[00:17:36] Ali Parsa, Ph.D.: I think that it, you know this very well. Doing anything in life, take all the effort, anything that matters, take all the effort. So you might as well do something really big and to have a big impact. Dreaming big matters a lot. Second is, unless you build that dream and build and build it fast, it remains a dream. It remains for idealists. Our life is super short. Unless somebody can figure out a way of prolonging it and people are working I that I know, but let, but it’s gonna go much faster than we think. So we don’t have time to. Do things slowly. So I’m a big believer in that once you have a big dream, you have to work super fast with a sense of urgency to bring it to market. And I think our growth it’s a reflection of our frame of mind. And the third thing is being brilliant. I actually don’t think doing a sloppy job works. I think that cutting corners trying to grow without foundation, that just always collapses. So those are the things that we tell each other. There is something I add to that always to my own kids, that if you have a big dream, if you dream big, you build fast and you wanna be brilliant, just make it also part of your. To make it possible for other people’s dream to come true. So my team to entrepreneurs are dream big, build fast, be brilliant, and also be part of an ecosystem that allows others to build their dreams.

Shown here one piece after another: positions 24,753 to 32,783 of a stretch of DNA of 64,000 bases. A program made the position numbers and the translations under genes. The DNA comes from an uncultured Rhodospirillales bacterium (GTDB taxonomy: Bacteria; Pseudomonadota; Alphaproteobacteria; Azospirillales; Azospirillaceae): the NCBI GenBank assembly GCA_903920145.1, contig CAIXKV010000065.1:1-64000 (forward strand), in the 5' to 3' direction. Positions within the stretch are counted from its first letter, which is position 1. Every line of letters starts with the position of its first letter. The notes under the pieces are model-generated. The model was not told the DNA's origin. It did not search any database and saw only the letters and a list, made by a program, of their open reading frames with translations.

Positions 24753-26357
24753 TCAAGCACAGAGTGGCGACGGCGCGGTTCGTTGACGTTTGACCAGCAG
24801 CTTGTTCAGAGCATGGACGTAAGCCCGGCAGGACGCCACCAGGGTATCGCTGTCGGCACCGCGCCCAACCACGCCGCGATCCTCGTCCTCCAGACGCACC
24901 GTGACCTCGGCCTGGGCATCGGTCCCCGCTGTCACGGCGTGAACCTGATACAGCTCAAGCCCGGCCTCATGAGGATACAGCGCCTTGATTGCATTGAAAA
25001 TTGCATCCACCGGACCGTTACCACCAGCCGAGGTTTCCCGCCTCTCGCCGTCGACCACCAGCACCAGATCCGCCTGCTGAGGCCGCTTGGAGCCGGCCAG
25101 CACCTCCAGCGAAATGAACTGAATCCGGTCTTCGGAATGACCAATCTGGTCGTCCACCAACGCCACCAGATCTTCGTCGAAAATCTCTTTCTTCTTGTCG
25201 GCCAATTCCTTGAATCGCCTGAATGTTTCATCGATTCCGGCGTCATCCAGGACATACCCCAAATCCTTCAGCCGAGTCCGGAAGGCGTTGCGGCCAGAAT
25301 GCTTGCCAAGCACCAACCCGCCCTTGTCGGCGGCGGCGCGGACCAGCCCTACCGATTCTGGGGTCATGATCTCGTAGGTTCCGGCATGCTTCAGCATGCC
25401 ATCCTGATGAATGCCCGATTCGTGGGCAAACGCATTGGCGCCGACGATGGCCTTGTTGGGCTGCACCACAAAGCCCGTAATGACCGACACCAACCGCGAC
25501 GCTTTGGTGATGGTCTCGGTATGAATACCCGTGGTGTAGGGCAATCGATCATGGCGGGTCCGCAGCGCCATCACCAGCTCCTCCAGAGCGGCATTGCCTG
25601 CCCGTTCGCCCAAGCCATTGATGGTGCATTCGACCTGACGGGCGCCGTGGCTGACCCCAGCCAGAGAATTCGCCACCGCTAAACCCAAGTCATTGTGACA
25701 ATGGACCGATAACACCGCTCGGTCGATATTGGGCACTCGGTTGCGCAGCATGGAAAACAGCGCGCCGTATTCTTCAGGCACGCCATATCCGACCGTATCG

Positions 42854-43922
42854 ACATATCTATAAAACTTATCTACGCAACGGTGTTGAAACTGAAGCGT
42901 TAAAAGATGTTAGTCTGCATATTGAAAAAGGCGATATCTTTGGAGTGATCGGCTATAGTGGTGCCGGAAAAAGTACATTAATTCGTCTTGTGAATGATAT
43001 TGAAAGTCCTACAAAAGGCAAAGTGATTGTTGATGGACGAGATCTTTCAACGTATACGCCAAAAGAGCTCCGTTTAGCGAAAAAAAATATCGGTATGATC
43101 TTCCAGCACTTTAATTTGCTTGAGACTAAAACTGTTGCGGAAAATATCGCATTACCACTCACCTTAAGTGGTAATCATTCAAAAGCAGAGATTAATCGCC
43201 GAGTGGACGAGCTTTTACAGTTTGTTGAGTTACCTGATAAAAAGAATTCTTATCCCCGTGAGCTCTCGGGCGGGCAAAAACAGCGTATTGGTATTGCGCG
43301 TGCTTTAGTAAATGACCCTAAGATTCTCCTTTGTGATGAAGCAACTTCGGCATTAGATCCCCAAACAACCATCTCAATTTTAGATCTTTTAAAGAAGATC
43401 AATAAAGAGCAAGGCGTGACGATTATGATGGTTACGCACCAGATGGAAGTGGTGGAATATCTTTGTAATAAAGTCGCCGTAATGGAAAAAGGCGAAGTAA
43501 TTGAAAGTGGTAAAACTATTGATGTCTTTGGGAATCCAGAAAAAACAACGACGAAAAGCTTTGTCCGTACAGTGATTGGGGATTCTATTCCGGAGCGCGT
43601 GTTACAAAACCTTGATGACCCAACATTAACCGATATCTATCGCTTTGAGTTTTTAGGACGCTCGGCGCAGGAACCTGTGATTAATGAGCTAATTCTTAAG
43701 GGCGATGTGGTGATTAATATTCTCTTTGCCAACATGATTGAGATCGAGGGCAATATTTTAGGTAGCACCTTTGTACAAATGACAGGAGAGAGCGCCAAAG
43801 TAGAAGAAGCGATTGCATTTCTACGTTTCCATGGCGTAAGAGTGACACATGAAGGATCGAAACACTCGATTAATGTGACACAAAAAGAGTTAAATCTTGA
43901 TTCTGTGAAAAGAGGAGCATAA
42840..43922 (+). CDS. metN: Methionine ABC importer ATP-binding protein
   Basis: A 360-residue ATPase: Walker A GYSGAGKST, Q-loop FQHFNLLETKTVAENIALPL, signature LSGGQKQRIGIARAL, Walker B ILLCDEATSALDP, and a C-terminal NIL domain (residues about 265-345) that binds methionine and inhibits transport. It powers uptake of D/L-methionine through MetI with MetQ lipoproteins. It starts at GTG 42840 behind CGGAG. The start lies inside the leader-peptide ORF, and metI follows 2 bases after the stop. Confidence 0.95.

[00:19:06] Rishi Sikka, M.D.: Molly, what a wonderful close. And it’s such a blending of both the professional as CEO and your personal. I loved Dream big, build fast, be brilliant. And in that vein of sort of the blurring of the professional advice and personal, I also really enjoyed your phrases of desirable difficulty. And swinging through it. Best of luck with everything for you and your teams as Babylon Health continues to disrupt healthcare and improve healthcare globally. Thank you so much for being here on Day Zero.
[00:19:38] Ali Parsa, Ph.D.: Thank youre for having.